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Saturday, June 10, 2017

Elderly Man Wins Court Case After Receiving Three Tickets for Smoking in His Porsche

porsche.com
Story thanks to Steph Willems and thetruthaboutcars.com. Links provided:

While places like New York and California might come to mind first, no one bans things quite like the jurisdictions north of the border. Banning, a popular pastime given the cold outside temperatures, are always done in the hazy pursuit of public safety. Something bad could happen? Ban it.
When it comes to smoking, few will disagree that smoking in the workplace can have a negative impact on employees. The same goes for restaurant and bar patrons. As non-smoking areas (both indoors and outdoors) expand across the U.S., here’s a cautionary tale of how vindictive and overzealous an enforcer of these law can be.
They’ll nab you in your car.
In sleepy London, Ontario, about two hours from Detroit or Buffalo, a 76-year-old man is probably puffing away right now, content in having beaten The Man. The bizarre case began last fall as Harry Kraemer, owner of Sparkles Cleaning Service, was sitting outside a coffee shop in his Porsche Cayenne.
Having just purchased donuts and a coffee, Kraemer lit up. According to the London Free Press, that cigarette netted him three workplace smoking infraction tickets potentially worth thousands of dollars. As Kraemer was the owner of Sparkles Cleaning Service, his personal Cayenne was registered to it. That made the interior of the Porsche a workplace.
Under Ontario’s anti-smoking laws, workplaces must remain smoke-free. In many locations it is illegal to smoke within nine meters of an exterior door of a business, public place or an outdoor bus stop. Many cities have enacted outdoor smoking bans that even make puffing in a deserted, windy park a crime, let alone on a patio. Province-wide, it is illegal to smoke in a purpose-built outdoor smoking shelter that has more than two walls and a roof.
Smoking while standing outside that purpose-built smoking shelter, in the rain, is probably fine. Vindictive? Many see it that way.
So far, Ontario’s laws have yet to creep into personal vehicles — except when persons aged 16 or younger are present — so normally a person in Mr. Kraemer’s situation would have nothing to worry about. Sitting in a coffee shop parking lot, having a butt, not bothering anyone. However, taken to the extreme, the law stated that the interior of his business-registered vehicle — which no one drove but himself — was a workplace. Kraemer technically isn’t even an employee. He’s a shareholder.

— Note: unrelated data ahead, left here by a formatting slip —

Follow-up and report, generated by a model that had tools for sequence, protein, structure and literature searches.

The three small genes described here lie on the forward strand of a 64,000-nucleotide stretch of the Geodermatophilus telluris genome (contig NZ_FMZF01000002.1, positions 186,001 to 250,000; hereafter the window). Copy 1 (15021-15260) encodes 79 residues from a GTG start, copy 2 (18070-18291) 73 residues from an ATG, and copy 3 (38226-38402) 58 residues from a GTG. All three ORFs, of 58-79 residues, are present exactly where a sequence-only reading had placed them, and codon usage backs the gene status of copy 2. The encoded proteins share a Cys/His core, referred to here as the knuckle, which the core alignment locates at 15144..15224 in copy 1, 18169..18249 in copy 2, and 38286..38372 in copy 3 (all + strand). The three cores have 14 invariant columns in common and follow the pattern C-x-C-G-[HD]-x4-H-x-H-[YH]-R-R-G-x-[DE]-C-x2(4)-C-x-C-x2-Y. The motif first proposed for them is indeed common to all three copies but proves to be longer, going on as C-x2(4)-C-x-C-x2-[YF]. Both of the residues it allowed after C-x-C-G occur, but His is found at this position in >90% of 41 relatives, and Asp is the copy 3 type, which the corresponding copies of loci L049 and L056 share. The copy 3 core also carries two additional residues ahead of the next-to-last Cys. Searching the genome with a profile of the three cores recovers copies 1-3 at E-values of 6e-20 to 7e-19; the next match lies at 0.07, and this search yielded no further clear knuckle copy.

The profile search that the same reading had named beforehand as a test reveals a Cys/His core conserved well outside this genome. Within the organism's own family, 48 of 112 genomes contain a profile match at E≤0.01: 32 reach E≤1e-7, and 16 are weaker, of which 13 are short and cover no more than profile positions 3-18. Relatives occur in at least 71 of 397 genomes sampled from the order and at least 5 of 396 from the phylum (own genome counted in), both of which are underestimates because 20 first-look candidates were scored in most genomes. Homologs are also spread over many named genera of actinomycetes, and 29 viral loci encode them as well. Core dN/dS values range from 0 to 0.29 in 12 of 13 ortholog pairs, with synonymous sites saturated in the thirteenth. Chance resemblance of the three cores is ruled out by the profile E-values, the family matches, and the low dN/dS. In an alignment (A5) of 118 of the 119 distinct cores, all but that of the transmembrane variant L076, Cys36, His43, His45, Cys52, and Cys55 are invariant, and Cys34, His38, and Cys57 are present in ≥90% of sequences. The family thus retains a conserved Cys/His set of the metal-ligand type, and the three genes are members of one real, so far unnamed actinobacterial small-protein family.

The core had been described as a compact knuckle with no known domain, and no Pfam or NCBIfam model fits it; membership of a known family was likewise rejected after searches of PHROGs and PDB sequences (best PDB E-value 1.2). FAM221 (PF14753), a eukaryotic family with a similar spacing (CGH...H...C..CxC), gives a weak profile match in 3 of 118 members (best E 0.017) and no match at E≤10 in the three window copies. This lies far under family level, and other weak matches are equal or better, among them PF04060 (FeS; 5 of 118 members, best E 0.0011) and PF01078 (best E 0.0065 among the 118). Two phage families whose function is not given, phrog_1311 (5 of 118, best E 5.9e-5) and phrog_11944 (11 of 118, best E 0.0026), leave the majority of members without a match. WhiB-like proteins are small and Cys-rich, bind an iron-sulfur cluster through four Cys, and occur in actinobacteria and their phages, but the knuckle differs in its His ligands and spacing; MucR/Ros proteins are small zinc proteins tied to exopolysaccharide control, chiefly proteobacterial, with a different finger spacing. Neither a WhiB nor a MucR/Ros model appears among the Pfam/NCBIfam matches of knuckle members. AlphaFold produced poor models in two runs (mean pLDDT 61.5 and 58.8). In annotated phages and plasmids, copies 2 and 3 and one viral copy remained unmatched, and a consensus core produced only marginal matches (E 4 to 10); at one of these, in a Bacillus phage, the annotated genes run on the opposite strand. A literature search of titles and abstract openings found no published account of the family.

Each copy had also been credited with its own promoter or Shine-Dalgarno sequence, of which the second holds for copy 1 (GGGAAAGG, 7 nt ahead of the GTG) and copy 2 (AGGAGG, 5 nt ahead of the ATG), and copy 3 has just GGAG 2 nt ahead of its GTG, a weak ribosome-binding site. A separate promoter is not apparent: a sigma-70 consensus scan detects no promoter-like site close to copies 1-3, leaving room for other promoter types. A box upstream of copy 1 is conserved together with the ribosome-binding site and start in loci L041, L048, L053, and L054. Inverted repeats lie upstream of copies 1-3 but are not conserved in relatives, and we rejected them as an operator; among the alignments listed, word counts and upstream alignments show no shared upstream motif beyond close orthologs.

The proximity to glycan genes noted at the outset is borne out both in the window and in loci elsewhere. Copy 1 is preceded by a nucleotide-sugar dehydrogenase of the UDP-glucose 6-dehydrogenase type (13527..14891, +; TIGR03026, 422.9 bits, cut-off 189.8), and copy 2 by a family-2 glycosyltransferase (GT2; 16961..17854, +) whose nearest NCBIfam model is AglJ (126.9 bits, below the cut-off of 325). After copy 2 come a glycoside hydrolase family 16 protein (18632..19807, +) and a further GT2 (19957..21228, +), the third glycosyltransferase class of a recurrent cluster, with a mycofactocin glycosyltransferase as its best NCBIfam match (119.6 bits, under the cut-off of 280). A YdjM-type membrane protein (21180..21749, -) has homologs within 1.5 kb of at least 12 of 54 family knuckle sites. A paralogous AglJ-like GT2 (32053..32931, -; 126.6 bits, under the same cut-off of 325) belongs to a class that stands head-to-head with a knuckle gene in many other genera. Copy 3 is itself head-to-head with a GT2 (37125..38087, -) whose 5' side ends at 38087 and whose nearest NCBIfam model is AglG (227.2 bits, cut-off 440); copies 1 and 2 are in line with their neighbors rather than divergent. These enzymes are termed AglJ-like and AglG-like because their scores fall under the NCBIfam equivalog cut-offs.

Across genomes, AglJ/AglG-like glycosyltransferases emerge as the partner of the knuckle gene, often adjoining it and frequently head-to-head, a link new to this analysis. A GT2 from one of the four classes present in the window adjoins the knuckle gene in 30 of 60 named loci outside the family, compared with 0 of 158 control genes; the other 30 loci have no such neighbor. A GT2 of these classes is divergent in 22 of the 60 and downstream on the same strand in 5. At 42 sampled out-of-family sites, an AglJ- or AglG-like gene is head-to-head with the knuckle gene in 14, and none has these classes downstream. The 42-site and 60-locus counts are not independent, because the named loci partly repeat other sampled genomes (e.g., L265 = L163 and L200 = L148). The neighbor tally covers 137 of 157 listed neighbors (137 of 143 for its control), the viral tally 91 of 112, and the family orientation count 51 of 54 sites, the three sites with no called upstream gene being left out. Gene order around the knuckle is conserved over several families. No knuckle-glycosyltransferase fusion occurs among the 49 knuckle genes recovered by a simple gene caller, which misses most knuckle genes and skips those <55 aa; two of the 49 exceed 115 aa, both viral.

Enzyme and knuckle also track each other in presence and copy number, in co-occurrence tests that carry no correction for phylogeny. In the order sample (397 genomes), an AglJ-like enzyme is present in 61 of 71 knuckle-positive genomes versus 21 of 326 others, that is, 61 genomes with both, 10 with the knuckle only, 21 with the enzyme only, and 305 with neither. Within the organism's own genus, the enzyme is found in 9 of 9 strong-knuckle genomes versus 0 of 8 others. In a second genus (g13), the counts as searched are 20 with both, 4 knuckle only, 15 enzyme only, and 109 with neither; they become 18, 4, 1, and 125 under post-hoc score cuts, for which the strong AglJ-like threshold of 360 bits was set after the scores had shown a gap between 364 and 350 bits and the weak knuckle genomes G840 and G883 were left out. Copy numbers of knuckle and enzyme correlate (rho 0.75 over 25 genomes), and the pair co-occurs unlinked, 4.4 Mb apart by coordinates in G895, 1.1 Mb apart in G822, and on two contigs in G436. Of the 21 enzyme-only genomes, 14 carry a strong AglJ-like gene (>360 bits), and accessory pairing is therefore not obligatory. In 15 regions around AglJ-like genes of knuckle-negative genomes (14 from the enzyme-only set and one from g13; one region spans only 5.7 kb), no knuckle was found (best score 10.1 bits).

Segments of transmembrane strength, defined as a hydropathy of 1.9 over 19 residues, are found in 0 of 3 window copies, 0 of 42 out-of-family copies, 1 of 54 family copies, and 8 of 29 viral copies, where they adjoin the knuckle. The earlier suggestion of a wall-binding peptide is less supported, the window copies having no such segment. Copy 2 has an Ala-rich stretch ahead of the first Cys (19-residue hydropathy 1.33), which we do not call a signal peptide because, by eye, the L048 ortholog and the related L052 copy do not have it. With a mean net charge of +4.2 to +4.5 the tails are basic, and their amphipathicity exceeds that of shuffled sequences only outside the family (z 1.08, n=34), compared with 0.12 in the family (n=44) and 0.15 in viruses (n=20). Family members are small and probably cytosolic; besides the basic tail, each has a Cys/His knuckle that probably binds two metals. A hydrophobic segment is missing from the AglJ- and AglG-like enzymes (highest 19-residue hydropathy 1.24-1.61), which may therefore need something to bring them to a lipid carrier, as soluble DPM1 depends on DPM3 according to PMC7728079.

The Smoke-Free Ontario enforcement officer who ticketed him wasn’t in the mood to see it any other way. Kraemer was fined three times. The charges included: smoking in an enclosed workplace, failing to have a no-smoking sign in his Cayenne, and failing to properly supervise a workplace.
With money to spare, Kraemer fought the tickets tooth and nail. As of last week, the Provincial Offences Court ruled in his favor, putting an end to what his lawyer called a massive waste of taxpayer’s money.
“The justice of the peace said, ‘I haven’t heard one shred of evidence that that car was ever used for business for Sparkles,'” Kraemer told the Free Press, adding he suspects he knows why the tickets landed in his lap. He blames “smoking cops” who were out to get him.
About six months earlier, an anti-smoking enforcement officer examined his place of business, discovering a cigarette butt in an ashtray in the desk drawer of his second-floor office. Kraemer claims he only smokes with the window open and fan on, with employees below being none the wiser. The ashtray’s contents landed him $700 in fines.
“I verbally told him to get the hell out of my office and I said some very nasty things maybe, I don’t know,” he claimed. It would seem his words weren’t well received. “We’ll be back,” the officer told him.
When Kraemer was nabbed while smoking in his Cayenne, the officer claimed in court he was working on an “anonymous tip” that compelled him to follow the Porsche from the suspect’s place of work to the coffee shop, where he then sat on him until Kraemer’s lighter touched the end of that white, tobacco-filled cylinder. Remember this when someone tells you Canada isn’t overregulated. To bolster that claim, a program manager at a local publicly funded health unit claims the officer wasn’t out of line for charging Kraemer.
There’s a reason Red Barchetta was written by a Canadian band.
This cautionary tale is now over. Tread carefully.



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